A handful of 3D printed parts, some brushless motors, and a bit of control hardware add a flair of cinematography to this quadcopter.
[Sean] sent in a tip about his work after seeing yesterday’s feature of a brushless gimbal being used to improve image stability with a shoulder mounted camera. That rig was designed to be used with a quadcopter, and this hacks shows why. It’s obvious from the demo footage that the gimbal — which is mounted directly to the frame of the TBS Discovery quadcopter — does a great job of keeping the image steady. The panning and tilting in directions contrary to the physics of flight make for a much more interesting video experience. Watch the inset video which is a live feed from the aircraft to the pilot. As the quadcopter makes very sharp banking turns you wouldn’t even be able to tell the pitch or roll have changed in the HQ version.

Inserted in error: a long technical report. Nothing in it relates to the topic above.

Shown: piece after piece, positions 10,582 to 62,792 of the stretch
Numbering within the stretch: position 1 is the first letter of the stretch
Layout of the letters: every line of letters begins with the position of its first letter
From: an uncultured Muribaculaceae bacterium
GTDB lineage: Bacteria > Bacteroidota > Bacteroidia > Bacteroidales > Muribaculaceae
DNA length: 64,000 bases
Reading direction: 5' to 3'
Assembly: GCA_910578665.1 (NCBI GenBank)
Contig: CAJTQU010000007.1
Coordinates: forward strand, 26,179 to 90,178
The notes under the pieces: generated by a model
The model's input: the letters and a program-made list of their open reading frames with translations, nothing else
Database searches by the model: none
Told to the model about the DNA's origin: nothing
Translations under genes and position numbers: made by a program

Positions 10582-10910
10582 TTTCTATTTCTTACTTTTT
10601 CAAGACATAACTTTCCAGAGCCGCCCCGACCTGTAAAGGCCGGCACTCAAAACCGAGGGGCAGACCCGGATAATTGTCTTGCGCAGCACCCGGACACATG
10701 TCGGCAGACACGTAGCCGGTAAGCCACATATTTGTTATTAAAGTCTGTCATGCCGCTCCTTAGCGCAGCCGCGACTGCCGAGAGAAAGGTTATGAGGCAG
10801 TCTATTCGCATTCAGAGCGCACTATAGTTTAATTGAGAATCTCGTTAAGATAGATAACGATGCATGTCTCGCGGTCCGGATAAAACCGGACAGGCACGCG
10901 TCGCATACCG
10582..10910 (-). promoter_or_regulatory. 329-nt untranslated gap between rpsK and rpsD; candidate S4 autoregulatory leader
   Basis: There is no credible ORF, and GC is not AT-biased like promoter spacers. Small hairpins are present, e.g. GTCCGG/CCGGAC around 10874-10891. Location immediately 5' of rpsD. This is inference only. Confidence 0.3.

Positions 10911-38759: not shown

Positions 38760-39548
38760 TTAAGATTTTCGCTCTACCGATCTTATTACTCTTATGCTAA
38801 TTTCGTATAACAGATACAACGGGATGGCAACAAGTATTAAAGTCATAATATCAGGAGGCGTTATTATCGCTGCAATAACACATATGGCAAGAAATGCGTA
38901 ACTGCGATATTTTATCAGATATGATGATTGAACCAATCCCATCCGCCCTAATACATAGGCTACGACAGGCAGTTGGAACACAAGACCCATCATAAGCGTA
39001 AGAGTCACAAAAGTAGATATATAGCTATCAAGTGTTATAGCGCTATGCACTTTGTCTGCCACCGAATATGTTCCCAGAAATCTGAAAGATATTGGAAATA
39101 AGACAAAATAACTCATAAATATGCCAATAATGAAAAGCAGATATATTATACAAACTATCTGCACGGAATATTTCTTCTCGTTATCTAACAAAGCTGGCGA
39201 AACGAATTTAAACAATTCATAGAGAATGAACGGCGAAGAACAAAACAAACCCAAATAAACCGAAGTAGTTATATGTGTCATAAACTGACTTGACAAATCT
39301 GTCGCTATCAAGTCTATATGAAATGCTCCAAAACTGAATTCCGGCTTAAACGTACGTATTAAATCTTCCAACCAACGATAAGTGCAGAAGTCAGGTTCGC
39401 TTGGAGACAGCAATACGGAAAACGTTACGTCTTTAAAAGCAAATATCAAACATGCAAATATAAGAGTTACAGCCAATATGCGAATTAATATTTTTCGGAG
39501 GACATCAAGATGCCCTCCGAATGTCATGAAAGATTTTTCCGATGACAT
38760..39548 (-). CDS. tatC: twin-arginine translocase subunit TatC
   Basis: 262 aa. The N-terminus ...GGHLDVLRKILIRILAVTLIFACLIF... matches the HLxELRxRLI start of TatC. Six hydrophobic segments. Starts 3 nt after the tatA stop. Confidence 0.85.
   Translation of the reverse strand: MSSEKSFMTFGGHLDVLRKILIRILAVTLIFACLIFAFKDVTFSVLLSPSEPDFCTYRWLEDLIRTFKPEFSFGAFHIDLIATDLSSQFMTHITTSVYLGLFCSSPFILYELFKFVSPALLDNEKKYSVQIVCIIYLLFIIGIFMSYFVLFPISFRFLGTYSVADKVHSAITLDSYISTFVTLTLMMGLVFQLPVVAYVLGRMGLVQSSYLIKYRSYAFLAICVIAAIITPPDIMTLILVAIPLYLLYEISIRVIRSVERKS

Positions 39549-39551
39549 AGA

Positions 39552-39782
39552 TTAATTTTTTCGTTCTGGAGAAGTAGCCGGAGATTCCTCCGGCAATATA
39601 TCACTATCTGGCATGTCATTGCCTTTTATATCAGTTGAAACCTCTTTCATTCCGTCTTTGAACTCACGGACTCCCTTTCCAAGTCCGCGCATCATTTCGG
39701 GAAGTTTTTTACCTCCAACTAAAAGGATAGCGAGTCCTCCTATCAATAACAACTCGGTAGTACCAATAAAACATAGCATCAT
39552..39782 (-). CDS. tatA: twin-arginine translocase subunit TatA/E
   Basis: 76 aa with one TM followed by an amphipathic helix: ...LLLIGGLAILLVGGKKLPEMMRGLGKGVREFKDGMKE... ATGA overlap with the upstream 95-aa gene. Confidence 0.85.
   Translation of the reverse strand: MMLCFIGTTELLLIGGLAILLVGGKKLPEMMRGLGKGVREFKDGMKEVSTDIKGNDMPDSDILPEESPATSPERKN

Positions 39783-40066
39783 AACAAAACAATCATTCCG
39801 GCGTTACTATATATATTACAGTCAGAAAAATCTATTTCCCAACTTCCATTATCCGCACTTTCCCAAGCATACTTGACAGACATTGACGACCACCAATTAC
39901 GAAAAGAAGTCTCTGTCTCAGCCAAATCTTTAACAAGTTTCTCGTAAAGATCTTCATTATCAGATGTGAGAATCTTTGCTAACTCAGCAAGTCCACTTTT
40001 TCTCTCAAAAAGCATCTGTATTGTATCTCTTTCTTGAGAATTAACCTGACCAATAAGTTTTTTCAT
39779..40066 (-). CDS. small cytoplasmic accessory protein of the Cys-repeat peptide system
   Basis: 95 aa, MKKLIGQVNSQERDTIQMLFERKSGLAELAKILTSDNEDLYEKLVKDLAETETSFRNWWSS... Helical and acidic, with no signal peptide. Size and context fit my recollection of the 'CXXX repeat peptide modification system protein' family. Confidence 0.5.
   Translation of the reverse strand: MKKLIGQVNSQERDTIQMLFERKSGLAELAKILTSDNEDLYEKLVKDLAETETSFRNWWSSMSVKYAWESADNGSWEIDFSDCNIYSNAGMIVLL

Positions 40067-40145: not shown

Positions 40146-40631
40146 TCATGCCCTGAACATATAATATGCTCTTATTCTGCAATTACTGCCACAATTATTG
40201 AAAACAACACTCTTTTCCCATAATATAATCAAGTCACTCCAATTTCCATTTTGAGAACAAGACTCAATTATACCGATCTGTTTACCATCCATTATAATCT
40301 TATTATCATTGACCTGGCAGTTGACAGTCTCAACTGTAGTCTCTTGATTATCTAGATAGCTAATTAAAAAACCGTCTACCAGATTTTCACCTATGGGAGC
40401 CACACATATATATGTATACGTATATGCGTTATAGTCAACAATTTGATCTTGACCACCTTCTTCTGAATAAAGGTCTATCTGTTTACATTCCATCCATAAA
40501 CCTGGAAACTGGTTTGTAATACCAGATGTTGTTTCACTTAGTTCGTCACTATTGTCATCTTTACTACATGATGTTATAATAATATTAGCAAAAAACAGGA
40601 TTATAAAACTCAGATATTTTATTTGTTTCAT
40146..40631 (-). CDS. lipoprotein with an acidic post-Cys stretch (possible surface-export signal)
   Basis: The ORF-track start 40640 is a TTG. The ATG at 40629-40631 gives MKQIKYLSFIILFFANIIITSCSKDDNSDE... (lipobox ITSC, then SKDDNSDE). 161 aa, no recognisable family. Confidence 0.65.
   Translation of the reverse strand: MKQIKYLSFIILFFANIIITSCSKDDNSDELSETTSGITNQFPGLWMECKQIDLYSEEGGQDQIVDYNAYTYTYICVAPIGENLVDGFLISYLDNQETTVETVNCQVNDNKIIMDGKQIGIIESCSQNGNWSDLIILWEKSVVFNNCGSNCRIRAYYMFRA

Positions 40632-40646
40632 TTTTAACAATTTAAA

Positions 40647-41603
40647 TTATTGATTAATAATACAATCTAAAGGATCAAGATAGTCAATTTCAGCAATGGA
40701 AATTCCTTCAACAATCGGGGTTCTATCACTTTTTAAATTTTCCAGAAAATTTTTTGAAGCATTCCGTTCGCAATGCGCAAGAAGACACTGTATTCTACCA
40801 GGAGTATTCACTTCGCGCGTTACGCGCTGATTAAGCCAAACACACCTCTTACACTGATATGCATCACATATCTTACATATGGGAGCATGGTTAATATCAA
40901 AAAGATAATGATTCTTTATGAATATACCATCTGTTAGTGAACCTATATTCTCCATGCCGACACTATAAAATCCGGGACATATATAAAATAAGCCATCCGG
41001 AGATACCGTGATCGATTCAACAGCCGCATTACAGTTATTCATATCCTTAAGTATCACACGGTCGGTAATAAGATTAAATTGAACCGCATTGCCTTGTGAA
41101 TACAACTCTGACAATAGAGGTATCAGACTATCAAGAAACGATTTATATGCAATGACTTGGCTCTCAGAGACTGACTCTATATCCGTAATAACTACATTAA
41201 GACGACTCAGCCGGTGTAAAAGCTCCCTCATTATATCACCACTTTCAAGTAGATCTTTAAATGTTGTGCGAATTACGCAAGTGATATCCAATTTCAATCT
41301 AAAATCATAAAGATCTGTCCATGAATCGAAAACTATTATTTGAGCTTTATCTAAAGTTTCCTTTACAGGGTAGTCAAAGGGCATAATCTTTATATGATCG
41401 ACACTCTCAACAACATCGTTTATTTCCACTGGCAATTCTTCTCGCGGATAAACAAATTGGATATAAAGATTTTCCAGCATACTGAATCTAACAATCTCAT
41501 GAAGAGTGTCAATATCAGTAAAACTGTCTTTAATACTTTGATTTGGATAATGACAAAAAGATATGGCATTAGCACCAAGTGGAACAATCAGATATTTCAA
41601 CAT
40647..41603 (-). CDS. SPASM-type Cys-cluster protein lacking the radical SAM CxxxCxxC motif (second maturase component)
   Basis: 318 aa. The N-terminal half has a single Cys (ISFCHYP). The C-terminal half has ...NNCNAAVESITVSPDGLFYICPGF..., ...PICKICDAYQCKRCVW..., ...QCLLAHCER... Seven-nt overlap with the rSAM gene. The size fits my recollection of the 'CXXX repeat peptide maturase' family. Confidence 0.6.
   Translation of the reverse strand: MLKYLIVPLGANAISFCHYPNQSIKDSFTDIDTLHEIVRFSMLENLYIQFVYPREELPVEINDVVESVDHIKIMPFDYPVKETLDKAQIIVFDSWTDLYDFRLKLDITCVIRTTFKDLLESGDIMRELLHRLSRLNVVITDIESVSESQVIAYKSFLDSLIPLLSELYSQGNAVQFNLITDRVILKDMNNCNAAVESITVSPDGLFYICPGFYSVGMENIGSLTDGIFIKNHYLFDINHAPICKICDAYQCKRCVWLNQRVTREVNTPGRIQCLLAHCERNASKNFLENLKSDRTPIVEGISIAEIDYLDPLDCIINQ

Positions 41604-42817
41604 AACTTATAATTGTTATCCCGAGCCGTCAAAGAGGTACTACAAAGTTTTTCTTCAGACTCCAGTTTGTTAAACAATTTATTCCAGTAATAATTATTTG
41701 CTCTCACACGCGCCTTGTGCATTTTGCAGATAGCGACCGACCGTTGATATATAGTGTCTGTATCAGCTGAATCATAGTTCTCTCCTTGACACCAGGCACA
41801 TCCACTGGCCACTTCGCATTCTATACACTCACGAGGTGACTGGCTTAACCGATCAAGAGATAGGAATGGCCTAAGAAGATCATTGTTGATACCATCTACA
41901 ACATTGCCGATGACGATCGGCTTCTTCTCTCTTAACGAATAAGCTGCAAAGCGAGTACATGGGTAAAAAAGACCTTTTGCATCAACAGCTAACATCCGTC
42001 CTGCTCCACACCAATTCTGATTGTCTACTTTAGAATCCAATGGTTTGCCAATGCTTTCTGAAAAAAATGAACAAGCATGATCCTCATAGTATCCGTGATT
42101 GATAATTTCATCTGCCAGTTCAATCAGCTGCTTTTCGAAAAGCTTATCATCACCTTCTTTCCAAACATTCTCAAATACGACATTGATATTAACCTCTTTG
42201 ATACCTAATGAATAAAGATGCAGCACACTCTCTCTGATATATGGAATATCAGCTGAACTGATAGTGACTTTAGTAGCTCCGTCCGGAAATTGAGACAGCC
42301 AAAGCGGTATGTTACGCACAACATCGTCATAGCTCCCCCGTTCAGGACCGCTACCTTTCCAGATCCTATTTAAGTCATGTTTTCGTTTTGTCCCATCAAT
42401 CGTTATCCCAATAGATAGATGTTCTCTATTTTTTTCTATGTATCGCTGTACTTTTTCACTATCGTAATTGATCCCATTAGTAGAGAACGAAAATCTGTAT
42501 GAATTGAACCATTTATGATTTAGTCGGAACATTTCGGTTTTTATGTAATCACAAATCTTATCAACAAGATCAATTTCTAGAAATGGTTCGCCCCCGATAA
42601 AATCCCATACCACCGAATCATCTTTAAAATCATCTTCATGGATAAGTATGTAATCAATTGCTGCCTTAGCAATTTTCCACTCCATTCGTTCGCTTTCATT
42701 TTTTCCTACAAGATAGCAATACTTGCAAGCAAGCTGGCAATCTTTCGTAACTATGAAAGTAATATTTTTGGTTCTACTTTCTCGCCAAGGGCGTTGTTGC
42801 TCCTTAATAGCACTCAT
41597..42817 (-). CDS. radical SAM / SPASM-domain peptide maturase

You can see a pair of images detailing the 3D printed parts and the assembled gimbal below.
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